(LL, V, NN, SS, NN, M, H, B) 14 obscenities & 3 profanities, use of word "nigger;" head-on car collision & a policeman snatches woman's luggage and rips necklace from her neck (implied police brutality); complete female nudity and male rear nudity, explicit fornication, bedroom scene, & sexual fondling; racial tension; verbal disrespect for elders; rebellion; and, lying. However, love does triumph over adversity.
MISSISSIPPI MASALA explores the cultural dilemmas of an Indian/Ugandan family living in America. Although love conquers adversity, the film is fatally marred by a lengthy fornication scene. The lying, deception and running away, contradict the family values and confuses the issues the screen writer are trying to establish.
MISSISSIPPI MASALA opens in Uganda in 1972, as Idi Amin forces the Asian population to leave the country. Referring to the shades of spices, “masala’ symbolizes the Indians who sought success outside their country. Kinnu and her family moved to Uganda as merchants. Kinnu’s husband, Jay, is a lawyer of Indian descent and Ugandan birth. He is saved from execution by a black friend, Okelo. Even so, Okelo endorses ousting the Asians, “Africa is for Africans.” Eighteen years later, Jay, and Kinnu manage a motel in Greenwood, Mississippi. Their only child is 24-year-old Mina. One evening, Mina meets Demetrius, a handsome black carpet cleaner. She lies to her parents and sneaks off to Biloxi with Demetrius, where they graphically fornicate. Back in Greenwood, their relationship sets off a violent tremor in Mina’s family. They insist that Mina marry within the Indian race. Meanwhile, Demetrius’ business suffers.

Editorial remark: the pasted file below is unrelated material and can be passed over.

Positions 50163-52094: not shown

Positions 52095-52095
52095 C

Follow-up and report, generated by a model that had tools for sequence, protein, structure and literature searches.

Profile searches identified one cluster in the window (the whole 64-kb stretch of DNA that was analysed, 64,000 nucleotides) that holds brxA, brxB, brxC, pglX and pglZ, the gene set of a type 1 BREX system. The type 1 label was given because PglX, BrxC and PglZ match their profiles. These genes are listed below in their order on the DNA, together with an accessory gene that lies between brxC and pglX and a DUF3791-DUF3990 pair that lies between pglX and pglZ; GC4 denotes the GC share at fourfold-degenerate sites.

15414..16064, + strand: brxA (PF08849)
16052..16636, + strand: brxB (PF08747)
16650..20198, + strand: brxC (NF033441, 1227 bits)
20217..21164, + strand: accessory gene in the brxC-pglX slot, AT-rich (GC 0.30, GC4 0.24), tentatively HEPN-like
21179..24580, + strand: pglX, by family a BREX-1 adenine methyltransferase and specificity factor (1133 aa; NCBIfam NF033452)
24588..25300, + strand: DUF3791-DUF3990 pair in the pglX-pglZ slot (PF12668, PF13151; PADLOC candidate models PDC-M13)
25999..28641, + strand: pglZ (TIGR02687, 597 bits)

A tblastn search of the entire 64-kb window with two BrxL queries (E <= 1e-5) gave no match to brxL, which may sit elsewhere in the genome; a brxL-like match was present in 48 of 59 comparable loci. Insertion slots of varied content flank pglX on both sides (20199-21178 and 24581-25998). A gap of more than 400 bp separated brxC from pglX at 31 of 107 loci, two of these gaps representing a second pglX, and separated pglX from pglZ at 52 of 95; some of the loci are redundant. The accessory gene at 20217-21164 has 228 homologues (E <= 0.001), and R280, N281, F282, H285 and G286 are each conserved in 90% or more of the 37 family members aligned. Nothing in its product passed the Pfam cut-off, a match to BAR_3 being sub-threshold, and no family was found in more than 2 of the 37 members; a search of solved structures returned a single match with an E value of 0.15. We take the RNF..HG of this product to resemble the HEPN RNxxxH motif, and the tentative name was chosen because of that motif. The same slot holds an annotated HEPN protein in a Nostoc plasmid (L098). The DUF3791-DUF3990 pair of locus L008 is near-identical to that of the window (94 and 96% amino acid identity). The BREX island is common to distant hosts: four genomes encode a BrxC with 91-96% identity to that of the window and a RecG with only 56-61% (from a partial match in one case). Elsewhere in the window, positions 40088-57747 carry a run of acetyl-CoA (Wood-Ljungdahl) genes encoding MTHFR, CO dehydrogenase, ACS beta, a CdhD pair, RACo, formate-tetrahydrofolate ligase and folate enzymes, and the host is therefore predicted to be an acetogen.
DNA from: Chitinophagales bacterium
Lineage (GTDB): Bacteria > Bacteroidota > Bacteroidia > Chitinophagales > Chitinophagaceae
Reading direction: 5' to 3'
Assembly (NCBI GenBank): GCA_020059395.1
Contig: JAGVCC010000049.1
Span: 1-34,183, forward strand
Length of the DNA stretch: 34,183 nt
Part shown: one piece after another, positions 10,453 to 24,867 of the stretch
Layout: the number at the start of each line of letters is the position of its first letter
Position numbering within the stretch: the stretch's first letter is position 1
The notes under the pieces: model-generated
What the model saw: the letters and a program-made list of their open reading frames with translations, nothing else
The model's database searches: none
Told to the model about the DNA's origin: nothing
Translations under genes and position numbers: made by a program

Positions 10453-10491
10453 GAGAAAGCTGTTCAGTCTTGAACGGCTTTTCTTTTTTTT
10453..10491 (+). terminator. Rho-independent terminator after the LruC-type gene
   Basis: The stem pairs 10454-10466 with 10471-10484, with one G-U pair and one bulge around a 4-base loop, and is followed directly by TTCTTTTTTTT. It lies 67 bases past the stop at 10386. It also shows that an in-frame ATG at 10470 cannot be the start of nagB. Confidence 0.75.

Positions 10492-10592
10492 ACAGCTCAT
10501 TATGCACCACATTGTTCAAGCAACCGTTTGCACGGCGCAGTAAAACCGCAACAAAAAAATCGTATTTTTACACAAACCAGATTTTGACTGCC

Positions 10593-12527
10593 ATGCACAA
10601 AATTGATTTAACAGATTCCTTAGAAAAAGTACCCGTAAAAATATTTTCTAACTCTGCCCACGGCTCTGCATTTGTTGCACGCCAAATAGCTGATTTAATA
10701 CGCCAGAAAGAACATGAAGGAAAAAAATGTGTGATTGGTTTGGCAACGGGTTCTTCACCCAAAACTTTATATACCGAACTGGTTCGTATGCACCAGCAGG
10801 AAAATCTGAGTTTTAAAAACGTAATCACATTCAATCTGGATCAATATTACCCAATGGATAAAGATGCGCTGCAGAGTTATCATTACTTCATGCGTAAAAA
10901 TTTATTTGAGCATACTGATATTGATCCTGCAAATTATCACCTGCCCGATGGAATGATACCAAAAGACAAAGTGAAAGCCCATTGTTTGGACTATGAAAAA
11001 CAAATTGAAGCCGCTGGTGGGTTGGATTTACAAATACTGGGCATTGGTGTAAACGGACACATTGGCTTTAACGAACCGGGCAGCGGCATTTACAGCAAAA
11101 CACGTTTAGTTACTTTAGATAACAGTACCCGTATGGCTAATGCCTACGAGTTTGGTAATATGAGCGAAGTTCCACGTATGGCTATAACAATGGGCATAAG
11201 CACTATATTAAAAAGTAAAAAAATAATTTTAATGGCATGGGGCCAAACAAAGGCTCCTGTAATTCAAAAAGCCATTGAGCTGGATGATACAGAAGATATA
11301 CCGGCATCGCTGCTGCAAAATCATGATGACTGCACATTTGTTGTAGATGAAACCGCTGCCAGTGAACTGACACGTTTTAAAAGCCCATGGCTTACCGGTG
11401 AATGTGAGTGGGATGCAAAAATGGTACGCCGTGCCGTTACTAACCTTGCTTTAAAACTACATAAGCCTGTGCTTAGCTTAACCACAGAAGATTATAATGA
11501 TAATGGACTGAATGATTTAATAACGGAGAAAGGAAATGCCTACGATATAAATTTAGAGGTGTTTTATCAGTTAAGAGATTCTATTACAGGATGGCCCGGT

MISSISSIPPI MASALA would be better if Mina and Demetrius had waited until marriage to consummate their “love.” Lying and deception, just doesn’t work. However, the film does remind us that love conquers adversity and calls on families to stick together. Also, the performances are believable, and the rich cinematography is superb.